The reaction vessel can be any conventional furnace configured to allow for control over gas flows within a heated reaction chamber. For example, the reaction vessel can be the horizontal reaction vessel, such as the Carbolite model TZF 12/65/550, or it can be a vertical reaction vessel. The reaction vessel is preferably a vertical reaction vessel 100 illustrated in FIG. 1. The reaction chamber 110 can be a quartz tube placed inside the furnace having a means of heating 120 the reaction chamber to the desired temperature required for the growth of the carbon nanotubes. The reaction chamber may be maintained at the appropriate temperature by 1) preheating the carbon precursor gases, 2) preheating the inert gases, 3) preheating the metal catalyst particles on powder supports, 4) externally heating the reaction chamber, 5) applying localized heating in the reaction chamber, such as by laser, induction coil, plasma coil, or any combination of the foregoing. Gas inlets 210, 220, and 230 provide flows of the inert and regent gases and the catalyst during operation of the furnace. Downstream recovery of the product produced by this process can be effected by known means such as filtration, centrifugation and the like. For example, the product is collected at the bottom of the furnace and separated using a separator 300. A plurality of separators can be attached to the apparatus if desired.
In one aspect, the metal nanoparticles, in the form of an aerosol, are introduced into the reaction chamber 110 via inlet 210. The methods and apparatuses for forming the aerosol are described in detail in the commonly owned and co-pending application entitled “Dry Powder Injector.” The carbon precursor gas, optionally as a mixture with one or more other gases, is introduced into the reaction chamber via inlet 220. Inlets 210 and 220 are positioned such that the flow of the catalyst and the carbon precursor gas is substantially aligned with the long axis of the reaction chamber. In contrast, the inlet 230, which provides the means for the introduction of another gas, such as argon, into the reaction chamber, and the inlet is positioned at an angle relative to the long axis of the reaction chamber. The angle of the gas inlet 230 will vary depending on the gas chosen, rate of flow of the gas, the geometry of the reaction chamber, the temperature of the reaction chamber, and the like. The angle between the long axis of the reaction chamber and inlet 230 can be 45° to about 90°, or any angle in between. The angle is preferably about 70° to about 85°, or more preferably about 70° to about 80°. The angle between the inlet 230 and the long axis is chosen such that the gas introduced through the inlet follows a helical path along the interior walls of the reaction chamber as it flows through it. Further, two or more “helical” inlets can be provided. The helical path of the gas results in the reduction of deposition of carbon material on the interior walls of the reaction chamber that normally occurs under chemical vapor deposition conditions. The gas inlet 230 can thus be adjusted to the angle that results in the reduction of carbon deposition. When gas inlet 230 is not properly aligned, the reaction chamber will quickly accumulate a black layer of sooth on the interior walls. Thus, in the reaction chamber composed of a transparent material, such as glass, proper alignment can be verified visually.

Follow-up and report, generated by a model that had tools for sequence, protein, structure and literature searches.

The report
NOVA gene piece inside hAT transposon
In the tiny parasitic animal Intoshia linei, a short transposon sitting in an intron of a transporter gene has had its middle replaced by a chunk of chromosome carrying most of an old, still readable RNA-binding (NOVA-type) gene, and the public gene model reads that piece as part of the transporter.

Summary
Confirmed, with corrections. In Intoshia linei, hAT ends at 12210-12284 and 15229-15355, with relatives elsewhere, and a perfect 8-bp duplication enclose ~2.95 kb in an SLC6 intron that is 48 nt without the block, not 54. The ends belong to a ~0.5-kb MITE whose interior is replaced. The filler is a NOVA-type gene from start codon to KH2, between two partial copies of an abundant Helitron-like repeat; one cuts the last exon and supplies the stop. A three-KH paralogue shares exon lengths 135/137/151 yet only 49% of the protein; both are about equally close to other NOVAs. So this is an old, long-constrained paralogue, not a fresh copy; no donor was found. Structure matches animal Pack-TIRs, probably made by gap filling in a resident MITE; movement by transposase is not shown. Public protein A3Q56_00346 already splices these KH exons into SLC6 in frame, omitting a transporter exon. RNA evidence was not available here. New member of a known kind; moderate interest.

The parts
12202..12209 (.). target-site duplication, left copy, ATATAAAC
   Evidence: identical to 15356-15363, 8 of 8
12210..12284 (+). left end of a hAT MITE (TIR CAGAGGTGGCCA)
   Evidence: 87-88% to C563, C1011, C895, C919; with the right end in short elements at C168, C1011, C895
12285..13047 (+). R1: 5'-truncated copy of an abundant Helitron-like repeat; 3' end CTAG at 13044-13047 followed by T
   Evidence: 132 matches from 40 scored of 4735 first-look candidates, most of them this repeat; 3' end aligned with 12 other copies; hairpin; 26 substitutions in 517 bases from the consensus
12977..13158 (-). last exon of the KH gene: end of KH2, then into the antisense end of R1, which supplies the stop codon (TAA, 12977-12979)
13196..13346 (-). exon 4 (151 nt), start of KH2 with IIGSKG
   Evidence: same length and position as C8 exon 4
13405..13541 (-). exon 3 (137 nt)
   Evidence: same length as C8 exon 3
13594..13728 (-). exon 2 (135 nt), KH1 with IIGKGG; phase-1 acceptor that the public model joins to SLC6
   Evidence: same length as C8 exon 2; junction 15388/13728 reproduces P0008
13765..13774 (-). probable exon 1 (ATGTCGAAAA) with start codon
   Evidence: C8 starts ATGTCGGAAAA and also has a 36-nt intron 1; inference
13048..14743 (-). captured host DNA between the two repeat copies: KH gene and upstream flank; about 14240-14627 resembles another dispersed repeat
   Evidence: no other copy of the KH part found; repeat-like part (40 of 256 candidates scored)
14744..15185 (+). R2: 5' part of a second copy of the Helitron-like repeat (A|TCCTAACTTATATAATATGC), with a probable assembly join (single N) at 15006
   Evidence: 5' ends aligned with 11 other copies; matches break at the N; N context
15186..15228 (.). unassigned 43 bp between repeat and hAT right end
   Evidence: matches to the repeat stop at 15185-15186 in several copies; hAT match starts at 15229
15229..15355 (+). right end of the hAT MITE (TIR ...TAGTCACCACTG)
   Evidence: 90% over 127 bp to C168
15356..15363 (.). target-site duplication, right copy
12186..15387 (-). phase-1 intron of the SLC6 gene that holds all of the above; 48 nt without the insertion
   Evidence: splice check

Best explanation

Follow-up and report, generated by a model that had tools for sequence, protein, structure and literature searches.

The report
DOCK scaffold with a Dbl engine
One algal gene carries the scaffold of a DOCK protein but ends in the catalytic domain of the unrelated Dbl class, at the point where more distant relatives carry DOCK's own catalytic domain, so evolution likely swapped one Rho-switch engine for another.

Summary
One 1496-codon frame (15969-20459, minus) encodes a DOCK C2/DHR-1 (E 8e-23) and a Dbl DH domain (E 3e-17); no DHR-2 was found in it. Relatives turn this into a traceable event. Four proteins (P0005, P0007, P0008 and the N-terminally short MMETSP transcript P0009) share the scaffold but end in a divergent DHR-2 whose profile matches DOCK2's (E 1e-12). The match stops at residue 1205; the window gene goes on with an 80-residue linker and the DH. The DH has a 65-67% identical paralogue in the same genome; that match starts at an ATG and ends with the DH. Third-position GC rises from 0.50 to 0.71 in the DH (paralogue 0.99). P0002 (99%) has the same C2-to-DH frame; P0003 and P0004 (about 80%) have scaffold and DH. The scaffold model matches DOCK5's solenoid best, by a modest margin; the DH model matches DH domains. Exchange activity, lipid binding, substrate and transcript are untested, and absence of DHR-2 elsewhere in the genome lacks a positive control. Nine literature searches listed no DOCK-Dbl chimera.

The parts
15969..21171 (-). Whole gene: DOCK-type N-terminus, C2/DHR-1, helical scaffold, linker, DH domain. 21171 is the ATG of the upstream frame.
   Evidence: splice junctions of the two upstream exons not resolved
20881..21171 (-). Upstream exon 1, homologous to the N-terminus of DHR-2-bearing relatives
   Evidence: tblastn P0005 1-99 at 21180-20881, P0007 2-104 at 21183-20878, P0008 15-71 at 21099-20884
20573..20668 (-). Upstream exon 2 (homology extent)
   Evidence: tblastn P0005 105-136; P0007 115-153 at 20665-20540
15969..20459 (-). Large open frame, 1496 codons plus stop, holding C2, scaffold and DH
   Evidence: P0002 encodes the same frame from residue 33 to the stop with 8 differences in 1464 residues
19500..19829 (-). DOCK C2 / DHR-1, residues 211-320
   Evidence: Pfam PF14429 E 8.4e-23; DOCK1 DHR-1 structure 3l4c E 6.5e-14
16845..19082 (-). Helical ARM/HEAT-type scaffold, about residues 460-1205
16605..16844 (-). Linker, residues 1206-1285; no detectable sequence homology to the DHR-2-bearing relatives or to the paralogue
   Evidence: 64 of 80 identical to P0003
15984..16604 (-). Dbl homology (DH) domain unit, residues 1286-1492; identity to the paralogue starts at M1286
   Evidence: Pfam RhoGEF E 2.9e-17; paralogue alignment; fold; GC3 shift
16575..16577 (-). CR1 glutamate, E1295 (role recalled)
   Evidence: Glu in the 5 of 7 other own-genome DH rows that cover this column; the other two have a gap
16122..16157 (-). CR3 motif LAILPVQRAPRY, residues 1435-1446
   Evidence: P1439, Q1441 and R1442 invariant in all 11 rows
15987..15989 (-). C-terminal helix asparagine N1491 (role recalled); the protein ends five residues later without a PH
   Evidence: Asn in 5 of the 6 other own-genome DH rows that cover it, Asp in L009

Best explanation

The components for the delivery system of gas flow can be connected together using standard ½ inch stainless steel tubing. Conventional gas sources, such as pressurized canisters with pressure regulators, can be used for gas sources. The amount of gas delivered to the inlets can typically be controlled using standard mass flow controllers that are commercially available.
Downstream recovery of the product produced by this process can be effected by known means such as filtration, centrifugation and the like.
V. The Catalyst